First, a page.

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stained glass fragments featuring a scourger in the Abbey Museum collection

Stained Glass Funding Success

The Abbey Museum staff are having a “pom-pom” moment!! What is that you may ask? Well, it is the way we celebrate when great things happen, those unexpected successes or some very good news. And we have just received some VERY GOOD NEWS. Late last year we applied to the Copland Foundation for funding for the conservation of nine of our medieval stained glass windows from our collection. Last week we received notification that our application was successful!!! Definitely a “pom-pom” moment!!

Why are we so very excited? Well it is because when we started fundraising for the conservation of the medieval and Victorian stained glass collection, over ten years ago, we had to raise a massive $165,000. For our small and predominately volunteer organisation that seemed a daunting task. However, through the generous donation of many wonderful individual donors who have funded the conservation of specific windows and through the fundraising efforts of the Abbey Museum Friends, who with the assistance of a grant from the Regional Arts Development …

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St Michael the Archangel 2

The Abbey Museum’s Icons Travel Interstate for Art Exhibition

We are so excited that two of the Abbey Museum’s icons from our wonderful Art Collection have been chosen as part of a special exhibition at the Ballarat Art Gallery in Victoria.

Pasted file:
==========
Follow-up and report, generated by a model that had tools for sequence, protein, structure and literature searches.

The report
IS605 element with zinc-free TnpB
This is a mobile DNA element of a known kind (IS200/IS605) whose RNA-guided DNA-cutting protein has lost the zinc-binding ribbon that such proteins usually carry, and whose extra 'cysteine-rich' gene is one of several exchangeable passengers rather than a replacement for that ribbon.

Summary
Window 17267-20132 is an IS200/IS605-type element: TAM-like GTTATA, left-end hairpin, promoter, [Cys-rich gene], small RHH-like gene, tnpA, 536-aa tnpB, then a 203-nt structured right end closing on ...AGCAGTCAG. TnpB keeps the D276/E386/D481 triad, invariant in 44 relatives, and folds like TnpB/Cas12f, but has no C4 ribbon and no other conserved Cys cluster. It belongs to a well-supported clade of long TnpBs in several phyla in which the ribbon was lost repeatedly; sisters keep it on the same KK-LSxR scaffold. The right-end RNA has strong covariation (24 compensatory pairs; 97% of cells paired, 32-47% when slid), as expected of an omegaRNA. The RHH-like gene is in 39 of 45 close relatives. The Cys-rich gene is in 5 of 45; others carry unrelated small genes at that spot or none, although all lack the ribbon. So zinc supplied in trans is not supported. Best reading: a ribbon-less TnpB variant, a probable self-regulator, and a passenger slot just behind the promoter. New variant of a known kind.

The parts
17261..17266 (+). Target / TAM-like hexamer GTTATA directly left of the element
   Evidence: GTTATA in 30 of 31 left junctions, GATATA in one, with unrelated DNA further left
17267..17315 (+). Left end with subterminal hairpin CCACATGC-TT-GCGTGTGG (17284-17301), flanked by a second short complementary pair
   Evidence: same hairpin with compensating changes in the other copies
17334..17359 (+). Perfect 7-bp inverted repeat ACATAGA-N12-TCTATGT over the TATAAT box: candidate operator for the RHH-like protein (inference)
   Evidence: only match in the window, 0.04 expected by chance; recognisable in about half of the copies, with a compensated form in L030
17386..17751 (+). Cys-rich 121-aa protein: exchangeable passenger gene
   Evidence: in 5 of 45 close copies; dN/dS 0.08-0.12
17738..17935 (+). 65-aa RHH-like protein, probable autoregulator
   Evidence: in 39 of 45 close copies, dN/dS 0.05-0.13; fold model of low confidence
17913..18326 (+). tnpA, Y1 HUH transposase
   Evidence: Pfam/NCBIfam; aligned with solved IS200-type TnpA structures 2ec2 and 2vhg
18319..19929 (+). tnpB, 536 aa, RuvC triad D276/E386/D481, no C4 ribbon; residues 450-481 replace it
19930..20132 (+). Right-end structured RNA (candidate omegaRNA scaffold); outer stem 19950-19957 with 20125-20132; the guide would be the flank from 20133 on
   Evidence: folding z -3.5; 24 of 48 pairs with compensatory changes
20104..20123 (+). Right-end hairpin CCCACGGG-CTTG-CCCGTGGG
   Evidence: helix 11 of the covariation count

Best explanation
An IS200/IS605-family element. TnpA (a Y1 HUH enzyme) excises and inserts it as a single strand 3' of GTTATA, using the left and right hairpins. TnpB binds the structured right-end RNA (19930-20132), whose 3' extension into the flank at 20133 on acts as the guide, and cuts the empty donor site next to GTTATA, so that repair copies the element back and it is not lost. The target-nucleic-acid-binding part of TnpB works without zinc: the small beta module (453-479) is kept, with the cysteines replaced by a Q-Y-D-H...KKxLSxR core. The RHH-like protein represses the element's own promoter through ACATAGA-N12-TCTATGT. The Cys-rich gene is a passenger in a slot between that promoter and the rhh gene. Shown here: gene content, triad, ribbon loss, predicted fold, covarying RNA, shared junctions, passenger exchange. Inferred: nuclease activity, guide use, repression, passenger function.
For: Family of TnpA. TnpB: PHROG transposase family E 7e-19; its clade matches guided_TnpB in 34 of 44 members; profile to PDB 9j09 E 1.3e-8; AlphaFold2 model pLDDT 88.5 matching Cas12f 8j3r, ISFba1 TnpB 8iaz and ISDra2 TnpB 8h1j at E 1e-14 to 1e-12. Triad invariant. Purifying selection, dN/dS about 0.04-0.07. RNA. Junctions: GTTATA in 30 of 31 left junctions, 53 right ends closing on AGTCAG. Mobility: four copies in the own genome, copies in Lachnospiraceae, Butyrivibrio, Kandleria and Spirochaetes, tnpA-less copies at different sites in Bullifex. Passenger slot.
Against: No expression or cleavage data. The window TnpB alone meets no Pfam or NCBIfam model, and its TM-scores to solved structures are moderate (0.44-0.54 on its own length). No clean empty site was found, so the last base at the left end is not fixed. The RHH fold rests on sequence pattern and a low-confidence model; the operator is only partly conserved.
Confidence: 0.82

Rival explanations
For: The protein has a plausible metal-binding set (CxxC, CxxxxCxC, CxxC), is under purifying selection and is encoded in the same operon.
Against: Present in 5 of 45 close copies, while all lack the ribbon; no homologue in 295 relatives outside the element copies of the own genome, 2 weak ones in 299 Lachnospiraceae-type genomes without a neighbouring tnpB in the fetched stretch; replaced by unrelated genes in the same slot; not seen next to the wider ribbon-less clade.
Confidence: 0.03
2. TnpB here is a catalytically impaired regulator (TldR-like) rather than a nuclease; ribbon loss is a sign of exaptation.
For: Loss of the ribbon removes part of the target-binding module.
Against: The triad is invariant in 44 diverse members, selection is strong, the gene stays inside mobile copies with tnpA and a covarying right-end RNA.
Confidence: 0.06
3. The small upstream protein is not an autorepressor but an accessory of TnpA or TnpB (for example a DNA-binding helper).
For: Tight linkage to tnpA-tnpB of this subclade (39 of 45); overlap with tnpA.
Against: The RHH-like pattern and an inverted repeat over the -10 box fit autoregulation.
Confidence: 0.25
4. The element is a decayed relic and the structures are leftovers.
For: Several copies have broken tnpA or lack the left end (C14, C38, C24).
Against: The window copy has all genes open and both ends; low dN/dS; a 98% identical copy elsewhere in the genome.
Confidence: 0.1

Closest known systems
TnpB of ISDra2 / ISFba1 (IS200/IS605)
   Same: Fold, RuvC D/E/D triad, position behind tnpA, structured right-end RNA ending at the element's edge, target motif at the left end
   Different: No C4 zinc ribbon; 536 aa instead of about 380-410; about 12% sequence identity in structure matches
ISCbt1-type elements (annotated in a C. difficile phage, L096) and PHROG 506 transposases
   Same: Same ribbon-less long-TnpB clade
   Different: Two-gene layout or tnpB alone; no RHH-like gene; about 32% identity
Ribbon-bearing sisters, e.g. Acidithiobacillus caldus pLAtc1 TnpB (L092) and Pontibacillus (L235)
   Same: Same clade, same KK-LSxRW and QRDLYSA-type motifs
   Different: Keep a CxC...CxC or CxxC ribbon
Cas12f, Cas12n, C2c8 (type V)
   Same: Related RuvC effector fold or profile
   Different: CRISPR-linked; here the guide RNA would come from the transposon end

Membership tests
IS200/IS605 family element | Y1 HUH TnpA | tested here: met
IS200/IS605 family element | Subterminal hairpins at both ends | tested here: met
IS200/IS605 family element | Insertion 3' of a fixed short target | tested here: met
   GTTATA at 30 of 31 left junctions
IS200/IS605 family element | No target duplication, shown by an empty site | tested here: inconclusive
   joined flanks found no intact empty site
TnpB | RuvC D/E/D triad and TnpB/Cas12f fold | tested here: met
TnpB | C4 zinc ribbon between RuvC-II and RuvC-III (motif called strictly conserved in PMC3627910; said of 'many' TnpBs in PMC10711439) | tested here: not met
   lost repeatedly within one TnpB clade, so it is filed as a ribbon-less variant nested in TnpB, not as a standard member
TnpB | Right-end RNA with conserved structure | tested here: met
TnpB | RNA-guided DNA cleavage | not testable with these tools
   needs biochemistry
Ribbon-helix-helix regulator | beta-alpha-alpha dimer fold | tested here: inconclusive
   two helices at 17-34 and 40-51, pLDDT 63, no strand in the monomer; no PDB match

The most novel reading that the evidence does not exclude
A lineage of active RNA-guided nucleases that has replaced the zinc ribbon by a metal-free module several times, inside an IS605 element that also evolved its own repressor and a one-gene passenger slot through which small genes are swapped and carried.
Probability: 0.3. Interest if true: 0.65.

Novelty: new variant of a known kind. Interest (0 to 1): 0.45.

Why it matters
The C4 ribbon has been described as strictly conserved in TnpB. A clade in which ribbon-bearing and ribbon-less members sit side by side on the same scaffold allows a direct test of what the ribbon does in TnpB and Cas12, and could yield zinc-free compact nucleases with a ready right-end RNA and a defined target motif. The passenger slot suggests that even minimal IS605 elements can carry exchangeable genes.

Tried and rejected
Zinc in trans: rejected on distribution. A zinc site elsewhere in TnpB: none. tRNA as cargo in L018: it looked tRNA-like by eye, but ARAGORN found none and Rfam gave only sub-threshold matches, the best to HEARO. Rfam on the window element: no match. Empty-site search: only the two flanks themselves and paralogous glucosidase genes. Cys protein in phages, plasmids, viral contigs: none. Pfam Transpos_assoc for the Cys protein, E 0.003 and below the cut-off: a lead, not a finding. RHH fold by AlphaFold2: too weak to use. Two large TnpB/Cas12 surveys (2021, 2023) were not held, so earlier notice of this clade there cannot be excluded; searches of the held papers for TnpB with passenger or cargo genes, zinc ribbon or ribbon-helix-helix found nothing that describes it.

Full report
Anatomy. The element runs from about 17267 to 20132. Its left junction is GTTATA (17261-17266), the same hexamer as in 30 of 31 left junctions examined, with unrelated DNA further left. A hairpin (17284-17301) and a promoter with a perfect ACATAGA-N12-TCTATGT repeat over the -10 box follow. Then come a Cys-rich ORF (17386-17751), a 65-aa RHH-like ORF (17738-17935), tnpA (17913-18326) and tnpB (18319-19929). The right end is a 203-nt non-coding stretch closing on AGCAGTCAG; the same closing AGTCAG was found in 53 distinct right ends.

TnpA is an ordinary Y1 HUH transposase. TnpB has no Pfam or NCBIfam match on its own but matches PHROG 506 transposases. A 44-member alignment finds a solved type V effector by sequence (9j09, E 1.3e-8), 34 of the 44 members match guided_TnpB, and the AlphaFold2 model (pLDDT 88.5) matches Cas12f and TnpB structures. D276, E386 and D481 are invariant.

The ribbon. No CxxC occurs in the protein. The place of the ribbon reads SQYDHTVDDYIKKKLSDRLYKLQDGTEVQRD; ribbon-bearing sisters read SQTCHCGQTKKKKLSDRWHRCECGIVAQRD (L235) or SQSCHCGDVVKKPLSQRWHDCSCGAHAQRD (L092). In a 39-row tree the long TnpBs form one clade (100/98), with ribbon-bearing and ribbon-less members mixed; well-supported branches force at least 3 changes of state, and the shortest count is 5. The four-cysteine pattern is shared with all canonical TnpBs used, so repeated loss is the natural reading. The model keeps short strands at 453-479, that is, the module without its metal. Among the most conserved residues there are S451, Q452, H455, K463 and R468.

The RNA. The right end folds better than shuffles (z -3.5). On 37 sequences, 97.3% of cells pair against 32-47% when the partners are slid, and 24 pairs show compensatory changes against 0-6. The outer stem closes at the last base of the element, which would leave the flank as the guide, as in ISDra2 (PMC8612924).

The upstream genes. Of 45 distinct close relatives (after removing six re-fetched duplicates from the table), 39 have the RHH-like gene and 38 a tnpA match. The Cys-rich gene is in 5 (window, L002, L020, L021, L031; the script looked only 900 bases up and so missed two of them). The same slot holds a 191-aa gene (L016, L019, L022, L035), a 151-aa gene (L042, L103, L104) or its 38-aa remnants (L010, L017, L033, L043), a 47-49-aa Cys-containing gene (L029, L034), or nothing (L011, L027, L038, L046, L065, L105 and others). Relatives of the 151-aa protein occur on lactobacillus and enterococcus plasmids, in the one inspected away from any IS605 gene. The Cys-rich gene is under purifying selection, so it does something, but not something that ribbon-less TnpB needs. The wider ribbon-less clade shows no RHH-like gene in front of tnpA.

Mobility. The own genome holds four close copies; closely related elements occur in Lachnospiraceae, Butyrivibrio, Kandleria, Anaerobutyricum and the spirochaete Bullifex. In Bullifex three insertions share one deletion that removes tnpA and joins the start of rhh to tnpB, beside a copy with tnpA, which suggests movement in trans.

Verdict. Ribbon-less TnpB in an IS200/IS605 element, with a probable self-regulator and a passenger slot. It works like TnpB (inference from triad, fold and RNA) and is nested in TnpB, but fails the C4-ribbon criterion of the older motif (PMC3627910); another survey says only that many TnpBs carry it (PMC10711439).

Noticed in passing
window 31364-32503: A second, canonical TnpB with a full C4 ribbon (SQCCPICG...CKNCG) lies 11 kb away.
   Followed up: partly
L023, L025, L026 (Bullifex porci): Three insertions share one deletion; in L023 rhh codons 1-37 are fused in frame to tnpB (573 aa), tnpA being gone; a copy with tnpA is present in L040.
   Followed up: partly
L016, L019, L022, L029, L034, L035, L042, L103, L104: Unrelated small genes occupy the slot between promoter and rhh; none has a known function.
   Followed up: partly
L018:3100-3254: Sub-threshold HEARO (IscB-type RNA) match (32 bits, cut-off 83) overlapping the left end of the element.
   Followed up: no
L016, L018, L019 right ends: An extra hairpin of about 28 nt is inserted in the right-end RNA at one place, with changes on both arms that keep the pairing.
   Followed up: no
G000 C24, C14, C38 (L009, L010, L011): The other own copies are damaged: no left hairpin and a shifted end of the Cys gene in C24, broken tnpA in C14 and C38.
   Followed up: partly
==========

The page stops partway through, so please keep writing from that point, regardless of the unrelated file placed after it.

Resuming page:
Abbey Museum’s Icons on display

EIKON: Icons of the Orthodox Christian World”, features eighty high-quality works, including some really sumptuous examples of Orthodox art. Most of the icons in the exhibition originated from Greece and Russia, with examples as well from Cyprus, Syria and Palestine, and date from the twelfth to the beginning of the nineteenth centuries.

This exhibition is a rare opportunity to view two stunning icons from the Abbey Museum collection, so if you are in or around Ballarat why not join one of the special tour the Gallery is offering through the exhibition and hear the stories behind these wonderful artworks. These special tours are on at 11.30am from Wednesday to Sunday during the exhibition which opened on Saturday 18 October and will close on Monday 26 January, next year.

The …

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Museum Prepares for Brisbane Parade

Abbey Museum Volunteers on the World Stage

While some of the staff at the Abbey Museum were busily preparing for our recent Jousting Spectacular event, our Abbey Museum Volunteers were keeping up a busy social life for the Museum with parades and visits to the Royal Children’s Hospital.

Abbey Museum Volunteers show off at the G20